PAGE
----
‘Absolutely fantastic’ condo, commercial development approved for Ferry Street ‘eye-sore’

An “eye-sore” property on Ferry Street will be home of an eight-storey, 77-unit condominium and three-unit commercial development after Niagara Falls city council granted zoning amendment approvals Tuesday.

“I just want to say what a great development,” said Coun. Ruth-Ann Nieuwesteeg. “That has been an eye-sore for, oh gosh, 20 years, so it looks absolutely fantastic.”

An architect for the applicant, Niagara Midtown Bowling Ltd., said the development is proposed for a “great location” “left undeveloped for many years.”

“There is a big need for residential units in Niagara Falls,” said Giuseppe Colosimo. “It is an enhancement for the community. The only thing it’s going to add is value to the adjacent properties. It’s going to be a super exciting project — a world-class project, from both design and construction methodology.”

The vacant property is on the north side of Ferry Street, between Temperance and Gladstone avenues.

City planner Alexa Cooper said the two properties — 5687 Ferry St. and 5660 Spring St. — have merged on title.

She said the proposal conforms to provincial, regional and local policies.

Council’s approval includes a holding provision requiring the developer to, in part, complete third-party modelling for sanitary services to the satisfaction of staff.

Coun. Lori Lococo said she was “very glad” to see the holding provision because “quite often our residents will say that development can’t be handled by the sanitary sewer.”

She asked staff whether an approved, but separate development across the street at the old Continental Inn has a similar holding provision on it.

Erik Nickel, manager of municipal works, said when third-party modelling is done, the company doing so would have “all of the relevant development data at their disposal.”

“They would look at any existing approvals and make sure that those future flows are also included in the existing flows, to make sure that the sewer system is able to handle it,” he said.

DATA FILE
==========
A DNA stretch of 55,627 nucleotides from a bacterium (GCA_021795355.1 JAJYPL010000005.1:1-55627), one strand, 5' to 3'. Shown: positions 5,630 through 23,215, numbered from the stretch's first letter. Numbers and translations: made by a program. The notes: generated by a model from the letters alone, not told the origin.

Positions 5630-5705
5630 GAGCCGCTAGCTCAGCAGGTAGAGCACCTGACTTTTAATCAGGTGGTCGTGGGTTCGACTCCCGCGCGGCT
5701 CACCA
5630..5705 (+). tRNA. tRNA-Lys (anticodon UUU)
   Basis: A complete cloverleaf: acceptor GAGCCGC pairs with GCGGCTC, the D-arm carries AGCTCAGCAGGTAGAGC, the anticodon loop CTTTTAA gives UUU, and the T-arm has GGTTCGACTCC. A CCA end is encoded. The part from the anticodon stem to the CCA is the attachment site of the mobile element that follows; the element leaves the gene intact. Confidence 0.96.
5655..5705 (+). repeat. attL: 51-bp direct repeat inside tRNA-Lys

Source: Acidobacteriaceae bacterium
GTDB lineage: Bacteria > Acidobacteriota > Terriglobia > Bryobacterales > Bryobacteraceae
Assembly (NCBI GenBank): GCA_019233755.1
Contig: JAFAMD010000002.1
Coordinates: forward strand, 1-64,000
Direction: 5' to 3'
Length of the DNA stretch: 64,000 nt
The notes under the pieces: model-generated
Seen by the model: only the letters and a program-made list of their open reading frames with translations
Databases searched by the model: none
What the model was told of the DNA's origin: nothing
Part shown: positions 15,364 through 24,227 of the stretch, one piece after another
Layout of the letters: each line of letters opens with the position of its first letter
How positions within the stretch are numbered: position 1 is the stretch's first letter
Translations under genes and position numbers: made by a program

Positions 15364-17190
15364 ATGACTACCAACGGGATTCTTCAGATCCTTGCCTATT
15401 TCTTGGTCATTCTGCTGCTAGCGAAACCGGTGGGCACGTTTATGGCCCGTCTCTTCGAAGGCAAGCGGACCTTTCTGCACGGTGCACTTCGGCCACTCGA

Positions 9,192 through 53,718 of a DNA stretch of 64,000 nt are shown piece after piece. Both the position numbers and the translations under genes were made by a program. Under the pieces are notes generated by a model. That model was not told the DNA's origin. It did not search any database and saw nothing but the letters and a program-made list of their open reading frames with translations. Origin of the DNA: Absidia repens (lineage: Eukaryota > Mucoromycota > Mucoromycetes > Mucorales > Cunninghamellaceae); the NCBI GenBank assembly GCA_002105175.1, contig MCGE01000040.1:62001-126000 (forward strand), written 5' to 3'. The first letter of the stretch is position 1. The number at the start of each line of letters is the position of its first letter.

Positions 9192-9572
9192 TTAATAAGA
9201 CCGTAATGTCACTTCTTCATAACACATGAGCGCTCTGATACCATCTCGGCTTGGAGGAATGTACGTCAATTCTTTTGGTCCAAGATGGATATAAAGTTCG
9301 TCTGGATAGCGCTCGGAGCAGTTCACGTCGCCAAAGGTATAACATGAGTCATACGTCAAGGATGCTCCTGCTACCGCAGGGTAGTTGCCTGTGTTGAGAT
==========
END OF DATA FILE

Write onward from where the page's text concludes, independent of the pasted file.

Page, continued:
Cooper said setbacks recommended by staff will provide space for fencing and adequately buffer the development from existing residential uses.

Christine Burke, a 26-year Spring Street resident, addressed council about concerns.

“I have in front of me signatures of 16 other residents in my area that oppose this development and the reasons stated were not only concerns about the heights — we are also concerned about the construction, the mess of the construction, the noise of the construction,” she said.

Burke said residents also have parking concerns.

“We’re concerned about the traffic that it’s going to cause, as well as the traffic delays it will cause in our neighbourhood,” she said. “There is also a (development) right on the corner beside the Dairy Queen, so we feel in our neighbourhood … we don’t really need this. I understand that it’s been a vacant property for years and we kind of like it that way.”

For traffic, Cooper said city transportation staff had no concerns as Spring Street would continue to operate with a “satisfactory level of service and (Niagara) Region’s transportation staff had no concerns on Ferry Street.”

The site will contain 105 parking spaces below grade as well as at grade and within the second floor at the rear of the building and each of the 77 condos will have its own parking.

Colosimo said the majority of the building will be pre-fabricated by a local company, limiting noise and construction timelines.


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